Treasury Exchange-Rate Report Hits, and Misses

The U.S. Treasury Department finally released its overdue semiannual “Report to Congress on International Economic and Exchange Rate Policies” yesterday. I’ve been reading through the informative report this morning so you won’t need to. Two quick comments:

First, the report declined, once again, to brand China a “currency manipulator,” and for good reason. The term is needlessly confrontational. As the report documents, while the Chinese currency is probably still undervalued, the Chinese government has been taking concrete steps toward a more flexible exchange-rate regime. Since it began its currency reforms in July 2005, the renminbi has appreciated 40 percent on a real (inflation-adjusted) basis against the U.S. dollar. And 40 percent just happens to be the upper range of the revaluation that was demanded by Sen. Chuck Schumer (D-NY) and other critics of China trade back then. They should declare victory and move on to more pressing economic problems, such as cutting federal spending and promoting private-sector growth.

Second, the report repeats the common but false assumption that a shrinking trade deficit is necessarily good for economic growth, and a rising deficit bad. From p. 6 of the report, we read:

Trade was also a bright spot in the third quarter [of 2011], as exports once again grew faster than imports. The resulting decline in the net export deficit contributed 0.4 percentage point to real GDP growth.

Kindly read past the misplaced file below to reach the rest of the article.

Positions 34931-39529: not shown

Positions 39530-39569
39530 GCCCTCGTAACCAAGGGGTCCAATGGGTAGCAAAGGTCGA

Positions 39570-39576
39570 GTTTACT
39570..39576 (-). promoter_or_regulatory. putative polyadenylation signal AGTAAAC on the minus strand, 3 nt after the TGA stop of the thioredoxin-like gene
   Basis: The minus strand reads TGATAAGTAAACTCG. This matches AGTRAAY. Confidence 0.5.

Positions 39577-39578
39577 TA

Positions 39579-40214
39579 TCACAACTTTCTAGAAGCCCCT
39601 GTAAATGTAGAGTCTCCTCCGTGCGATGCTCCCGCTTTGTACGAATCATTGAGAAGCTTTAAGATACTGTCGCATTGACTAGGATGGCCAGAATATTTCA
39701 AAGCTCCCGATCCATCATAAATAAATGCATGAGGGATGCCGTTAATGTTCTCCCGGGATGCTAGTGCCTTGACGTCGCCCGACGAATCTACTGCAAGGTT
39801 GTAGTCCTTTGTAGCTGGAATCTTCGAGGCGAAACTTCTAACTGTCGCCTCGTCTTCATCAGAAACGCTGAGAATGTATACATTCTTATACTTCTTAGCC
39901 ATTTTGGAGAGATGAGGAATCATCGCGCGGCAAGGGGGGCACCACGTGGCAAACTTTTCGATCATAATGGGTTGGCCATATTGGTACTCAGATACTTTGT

This reflects the simplistic Keynesian assumption that rising imports are a drag on growth because they merely replace domestic production. The truth is almost exactly the opposite, as I documented in my Cato study earlier this year titled, “The Trade-Balance Creed: Debunking the Belief that Imports and Trade Deficits Are a ‘Drag on Growth’.”

The truth, in theory as well as practice, is that a rising level of imports typically reflects rising domestic demand by both consumers and industry. Imports fuel U.S. production by supplying more raw materials, intermediate supplies, and capital machinery at competitive prices. That is why the U.S. economy has typically grown much faster during periods of rising trade deficits compared to periods of shrinking deficits. True to form, the first three quarters of 2011 saw declining GDP growth even though, according to the Keynesian creed, the decline in the trade deficit was a supposed “bright spot.”